Let’s look at two graphs of among the most boring things in the word: the U.S. 30-year mortgage interest rate. Here is Graph 1 (from Bankrate):
Whoa, that’s not boring. Whee, a slide down 70 basis points since the summer! Whee, a moonshot 85 basis points higher since mid-November! Back to 5%! Who says mortgage rates aren’t fun?
What is going on here? The narrative on this sort of thing is always tricky, because so much is going on, most importantly, quantitative easing and other government bits of fiddling about. Having said that, many people have a prefab narrative ready, and that’s that the “bond vigilantes” have show up, and are, moral and upright fans of sound money, stolid sovereigns, and balanced budgets, they are now forcing the U.S. to clean financial house by driving rates higher.
It’s a nice story, but almost certainly not true, at least not yet. First, we have no base case, so we have no idea what rates would look like were it not for the surprising (to some) recent strength in the U.S. economy. Second, this has come after an incredible run in the 30-year — not just the recent decline, but further back as this next five-year chart shows.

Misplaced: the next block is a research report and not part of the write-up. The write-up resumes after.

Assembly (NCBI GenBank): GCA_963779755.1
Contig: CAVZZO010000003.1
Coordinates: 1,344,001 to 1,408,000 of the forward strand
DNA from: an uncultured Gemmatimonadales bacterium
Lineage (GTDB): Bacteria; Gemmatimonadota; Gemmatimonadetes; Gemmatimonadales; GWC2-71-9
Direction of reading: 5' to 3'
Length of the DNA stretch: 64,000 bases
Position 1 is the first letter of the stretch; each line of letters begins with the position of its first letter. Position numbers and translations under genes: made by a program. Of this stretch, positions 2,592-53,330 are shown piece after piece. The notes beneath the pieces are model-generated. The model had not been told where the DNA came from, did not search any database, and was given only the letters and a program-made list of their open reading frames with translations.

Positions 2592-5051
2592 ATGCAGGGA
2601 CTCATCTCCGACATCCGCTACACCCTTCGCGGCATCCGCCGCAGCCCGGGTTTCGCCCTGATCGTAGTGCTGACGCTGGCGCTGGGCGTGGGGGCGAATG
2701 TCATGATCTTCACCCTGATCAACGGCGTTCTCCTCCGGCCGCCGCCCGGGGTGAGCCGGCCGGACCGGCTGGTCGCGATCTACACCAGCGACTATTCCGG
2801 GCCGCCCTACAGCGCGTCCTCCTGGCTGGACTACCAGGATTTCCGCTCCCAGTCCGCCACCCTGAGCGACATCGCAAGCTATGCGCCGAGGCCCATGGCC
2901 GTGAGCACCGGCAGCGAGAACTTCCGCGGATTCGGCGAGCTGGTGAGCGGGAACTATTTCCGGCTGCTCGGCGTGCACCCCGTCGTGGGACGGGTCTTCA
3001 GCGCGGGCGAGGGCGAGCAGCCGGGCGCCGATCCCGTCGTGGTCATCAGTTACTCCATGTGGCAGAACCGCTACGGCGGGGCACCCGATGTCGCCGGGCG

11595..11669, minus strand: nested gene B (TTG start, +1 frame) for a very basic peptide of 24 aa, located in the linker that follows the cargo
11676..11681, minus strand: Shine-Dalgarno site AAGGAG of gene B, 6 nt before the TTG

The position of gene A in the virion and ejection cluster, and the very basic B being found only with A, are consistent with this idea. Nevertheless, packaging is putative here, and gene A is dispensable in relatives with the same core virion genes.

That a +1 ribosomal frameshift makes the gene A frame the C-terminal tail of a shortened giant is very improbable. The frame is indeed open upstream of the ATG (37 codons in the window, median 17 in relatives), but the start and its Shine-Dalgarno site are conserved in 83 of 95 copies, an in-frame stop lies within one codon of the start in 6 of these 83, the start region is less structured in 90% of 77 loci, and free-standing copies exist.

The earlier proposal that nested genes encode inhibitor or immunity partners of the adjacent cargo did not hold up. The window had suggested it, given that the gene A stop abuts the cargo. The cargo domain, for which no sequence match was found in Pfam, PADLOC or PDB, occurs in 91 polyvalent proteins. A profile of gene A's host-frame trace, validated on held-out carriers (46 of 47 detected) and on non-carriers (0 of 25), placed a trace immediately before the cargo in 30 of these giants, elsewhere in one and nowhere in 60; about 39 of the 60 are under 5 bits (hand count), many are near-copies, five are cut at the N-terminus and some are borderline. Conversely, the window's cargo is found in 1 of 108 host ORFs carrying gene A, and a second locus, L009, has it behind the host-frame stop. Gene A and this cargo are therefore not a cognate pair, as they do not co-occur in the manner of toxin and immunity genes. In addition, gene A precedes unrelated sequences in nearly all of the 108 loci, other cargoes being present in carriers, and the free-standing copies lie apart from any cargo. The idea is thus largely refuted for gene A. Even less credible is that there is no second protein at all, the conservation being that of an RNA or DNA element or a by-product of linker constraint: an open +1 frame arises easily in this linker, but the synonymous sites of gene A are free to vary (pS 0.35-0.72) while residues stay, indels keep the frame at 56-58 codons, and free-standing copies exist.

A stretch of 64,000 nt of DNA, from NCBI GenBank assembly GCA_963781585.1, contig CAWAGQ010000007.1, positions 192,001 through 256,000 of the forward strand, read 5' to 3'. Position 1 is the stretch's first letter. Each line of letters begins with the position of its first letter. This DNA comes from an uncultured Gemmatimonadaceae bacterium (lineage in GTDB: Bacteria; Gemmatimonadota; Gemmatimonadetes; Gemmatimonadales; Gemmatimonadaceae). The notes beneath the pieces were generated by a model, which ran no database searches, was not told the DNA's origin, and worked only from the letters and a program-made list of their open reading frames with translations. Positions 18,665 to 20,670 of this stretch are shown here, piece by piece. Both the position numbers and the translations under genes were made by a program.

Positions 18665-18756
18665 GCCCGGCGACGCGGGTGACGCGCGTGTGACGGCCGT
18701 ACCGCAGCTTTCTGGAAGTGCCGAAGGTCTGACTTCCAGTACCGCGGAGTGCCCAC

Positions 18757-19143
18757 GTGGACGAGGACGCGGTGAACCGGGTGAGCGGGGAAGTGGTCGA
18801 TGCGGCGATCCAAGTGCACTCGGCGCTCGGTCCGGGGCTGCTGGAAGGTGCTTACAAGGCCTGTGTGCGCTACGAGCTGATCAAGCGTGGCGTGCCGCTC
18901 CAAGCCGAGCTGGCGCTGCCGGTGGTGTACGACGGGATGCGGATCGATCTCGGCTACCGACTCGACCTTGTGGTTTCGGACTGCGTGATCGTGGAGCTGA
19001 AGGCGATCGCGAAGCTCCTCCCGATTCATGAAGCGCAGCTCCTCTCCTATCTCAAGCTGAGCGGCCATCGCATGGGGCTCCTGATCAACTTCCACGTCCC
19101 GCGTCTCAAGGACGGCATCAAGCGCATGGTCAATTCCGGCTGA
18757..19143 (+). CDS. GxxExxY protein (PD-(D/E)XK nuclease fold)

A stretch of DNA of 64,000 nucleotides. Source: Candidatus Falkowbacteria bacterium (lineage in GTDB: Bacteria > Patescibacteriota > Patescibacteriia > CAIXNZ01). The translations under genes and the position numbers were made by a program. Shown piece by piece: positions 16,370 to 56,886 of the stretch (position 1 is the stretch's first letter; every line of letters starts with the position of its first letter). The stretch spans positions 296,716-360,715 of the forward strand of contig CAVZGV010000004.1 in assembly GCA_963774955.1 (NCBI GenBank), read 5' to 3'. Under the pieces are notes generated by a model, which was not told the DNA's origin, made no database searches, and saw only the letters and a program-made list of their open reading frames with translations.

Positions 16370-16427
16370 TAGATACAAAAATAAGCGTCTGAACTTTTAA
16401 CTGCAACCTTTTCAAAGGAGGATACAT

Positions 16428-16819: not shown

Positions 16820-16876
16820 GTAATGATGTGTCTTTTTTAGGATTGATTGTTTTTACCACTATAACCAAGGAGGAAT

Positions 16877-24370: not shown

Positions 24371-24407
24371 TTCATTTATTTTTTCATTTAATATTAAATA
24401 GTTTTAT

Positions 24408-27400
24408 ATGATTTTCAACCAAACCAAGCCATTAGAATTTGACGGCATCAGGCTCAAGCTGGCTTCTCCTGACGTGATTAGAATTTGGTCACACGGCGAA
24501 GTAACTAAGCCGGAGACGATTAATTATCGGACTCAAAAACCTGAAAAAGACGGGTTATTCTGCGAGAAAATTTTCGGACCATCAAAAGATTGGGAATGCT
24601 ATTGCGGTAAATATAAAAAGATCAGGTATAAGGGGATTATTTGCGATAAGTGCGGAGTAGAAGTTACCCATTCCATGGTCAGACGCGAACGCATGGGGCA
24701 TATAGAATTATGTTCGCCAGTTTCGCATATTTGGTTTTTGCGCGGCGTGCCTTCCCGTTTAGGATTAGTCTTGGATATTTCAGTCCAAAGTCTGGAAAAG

Doesn’t look nearly as dramatic now, does it. Matter of fact, rather than being a spike higher it makes the increases in the 30-year look more like a normalization, with rates heading back to something more like “normal” levels. Granted, this has been a fast bounceback, but attributing it all to the arrival of the fabled bond vigilantes seems more than a little breathless, not to mention suffering from a species of the narrative fallacy.
So, is this entirely without consequence? Merely happy news on the economic trail? No. The issue, of course, is that higher rates mean less refinancing at the long end, which means consumers having less money in their pockets, thus less money to spend, service debt, and, most importantly, save. There are other consequences too, but precious little to do with those bond vigilantes — yet.